Explorers Grand Slam

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The Explorers Grand Slam is an adventurers' challenge: to reach the North Pole, South Pole and climb the Seven Summits.


The original concept involved the polar trips starting from accepted coastal points, involving long sledging journeys. Over time the significantly shorter, easier and less serious "Last Degree" polar trips – from 89 degrees to the pole (at 90 degrees) – have been claimed as the Explorers Grand Slam (Last Degree). Currently, the climbing community and other leading organizations including the American Alpine Club, The Explorers Club, climbing companies such as International Mountain Guides, and the popular press all define the Explorers Grand Slam as having accomplished the Seven Summits plus (at a minimum - the last degree of) the North and South Poles. There is some consensus that a True Explorers Grand Slam means one will also have summitted all 14 peaks above 8,000 meters (14 + 7 + 2). Likewise, there is some consensus that a True Adventurers Grand Slam is achieved by also visiting the magnetic north and south poles.[1]

David Hempleman-Adams became the first person to complete a Explorers Grand Slam in 1998.[2] In April 2005, Park Young Seok became the first person to complete a True Explorers Grand Slam.[3] In June 2018, Zhang Liang became the second person to complete this kind of Grand Slam[4]. In 2011, former Wales rugby union international Richard Parks became the first person ever to complete the (Last Degrees) Grand Slam within a single calendar year, doing so within seven months.[5] Cheryl Bart is the first Australian female and the 31st person worldwide to complete the Explorer's Grand Slam. She completed the North Pole on 22 April 2013 AEST.[6][7] Vanessa O'Brien became the first woman to complete the (Last Degree) Grand Slam under a single calendar year, doing so in eleven months.[8][9]

In 2014 Jing Wang became the fastest woman to complete the (last degree) Grand Slam in 142 days.[10]

In 2014 Ryan Waters became the first American to complete "True Adventurers Grand Slam" by skiing full-length, unsupported and unassisted North and South Pole expeditions and climbing the seven summits.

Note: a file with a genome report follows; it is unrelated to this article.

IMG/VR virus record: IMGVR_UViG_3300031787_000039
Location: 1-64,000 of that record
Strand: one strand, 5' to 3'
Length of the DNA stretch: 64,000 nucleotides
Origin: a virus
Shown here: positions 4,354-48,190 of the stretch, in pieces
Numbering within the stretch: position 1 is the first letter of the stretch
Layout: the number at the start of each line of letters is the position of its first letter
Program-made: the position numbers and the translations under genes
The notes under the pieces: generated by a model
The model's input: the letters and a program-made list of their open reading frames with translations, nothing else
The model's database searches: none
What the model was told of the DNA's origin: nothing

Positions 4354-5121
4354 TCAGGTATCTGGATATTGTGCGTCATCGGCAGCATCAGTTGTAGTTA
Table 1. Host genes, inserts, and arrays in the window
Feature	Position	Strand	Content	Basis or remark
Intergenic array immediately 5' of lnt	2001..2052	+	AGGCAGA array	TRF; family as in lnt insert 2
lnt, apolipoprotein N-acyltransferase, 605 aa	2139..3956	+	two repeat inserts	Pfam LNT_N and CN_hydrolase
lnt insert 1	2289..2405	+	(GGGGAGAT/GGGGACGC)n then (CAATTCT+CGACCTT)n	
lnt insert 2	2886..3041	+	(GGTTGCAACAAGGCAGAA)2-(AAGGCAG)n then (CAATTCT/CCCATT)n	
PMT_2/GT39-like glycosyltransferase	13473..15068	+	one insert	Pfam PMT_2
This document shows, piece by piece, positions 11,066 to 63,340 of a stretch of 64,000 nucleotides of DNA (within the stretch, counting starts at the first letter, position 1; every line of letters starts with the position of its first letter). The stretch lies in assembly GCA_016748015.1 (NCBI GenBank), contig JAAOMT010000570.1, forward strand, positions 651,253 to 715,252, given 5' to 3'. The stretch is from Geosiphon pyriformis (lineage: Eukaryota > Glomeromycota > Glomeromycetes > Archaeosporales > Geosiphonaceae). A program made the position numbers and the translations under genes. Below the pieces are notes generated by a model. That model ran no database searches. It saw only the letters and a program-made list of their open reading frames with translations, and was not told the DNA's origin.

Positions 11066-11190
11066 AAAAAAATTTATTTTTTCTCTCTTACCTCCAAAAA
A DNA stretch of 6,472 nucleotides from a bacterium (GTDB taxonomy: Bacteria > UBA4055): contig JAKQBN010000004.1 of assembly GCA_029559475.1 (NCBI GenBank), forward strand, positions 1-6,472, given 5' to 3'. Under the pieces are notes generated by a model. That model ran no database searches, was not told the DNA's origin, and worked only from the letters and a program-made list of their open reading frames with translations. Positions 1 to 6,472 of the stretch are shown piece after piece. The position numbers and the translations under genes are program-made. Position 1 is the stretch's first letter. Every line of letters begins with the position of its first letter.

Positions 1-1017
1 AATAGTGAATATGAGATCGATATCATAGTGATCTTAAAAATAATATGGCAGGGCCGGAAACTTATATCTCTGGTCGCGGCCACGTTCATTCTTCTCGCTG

On 21 April 2015 Tashi Malik and Nungshi Malik became world's first twins and siblings as well as the first South Asians to complete the Explorers Grand Slam (last degree).

Colin O'Brady is the current world speed record holder for completing the Explorers Grand Slam (Last Degree). He became the fastest person to complete the challenge, doing so in 139 days on 27 May 2016.[11][12][13][14]

Marin Minamiya became the youngest person to complete the Explorers Grand Slam (last degree) at 20 years old on April 12, 2017.[15]

People who completed The Explorers Grand Slam[edit]

  1. United Kingdom David Hempleman-Adams
  2. Norway Erling Kagge
  3. Russia Fyodor Konyukhov
  4. South Korea Heo Young-Ho
  5. South Korea Park Young Seok (first person to complete a True Explorers Grand Slam)[3]
  6. Canada Bernard Voyer[16]
  7. Norway Cecilie Skog
  8. Lebanon Maxime Chaya
  9. United States Ryan Waters[17]
  10. United States Stuart Smith
  11. Sweden Johan Ernst Nilson[18]
  12. Netherlands Wilco van Rooijen[19]
  13. Iceland Haraldur Olafsson (SP non-Coastal)
  14. Singapore Khoo Swee Chiow (SP non-Coastal)
  15. Jordan Mostafa Salameh (NP non-Coastal)[20]
  16. United Kingdom Newall Hunter (NP non-Coastal)
  17. China Zhang Liang (NP non-Coastal; second person to complete a True Explorers Grand Slam)[4]
  18. Poland United Kingdom Grazyna Machnik (NP non-Coastal)[21]

People who completed The Explorers Grand Slam (Last Degree)[edit]

  1. South Africa Sean Disney (aka Mickey)
  2. South Africa Vaughan de la Harpe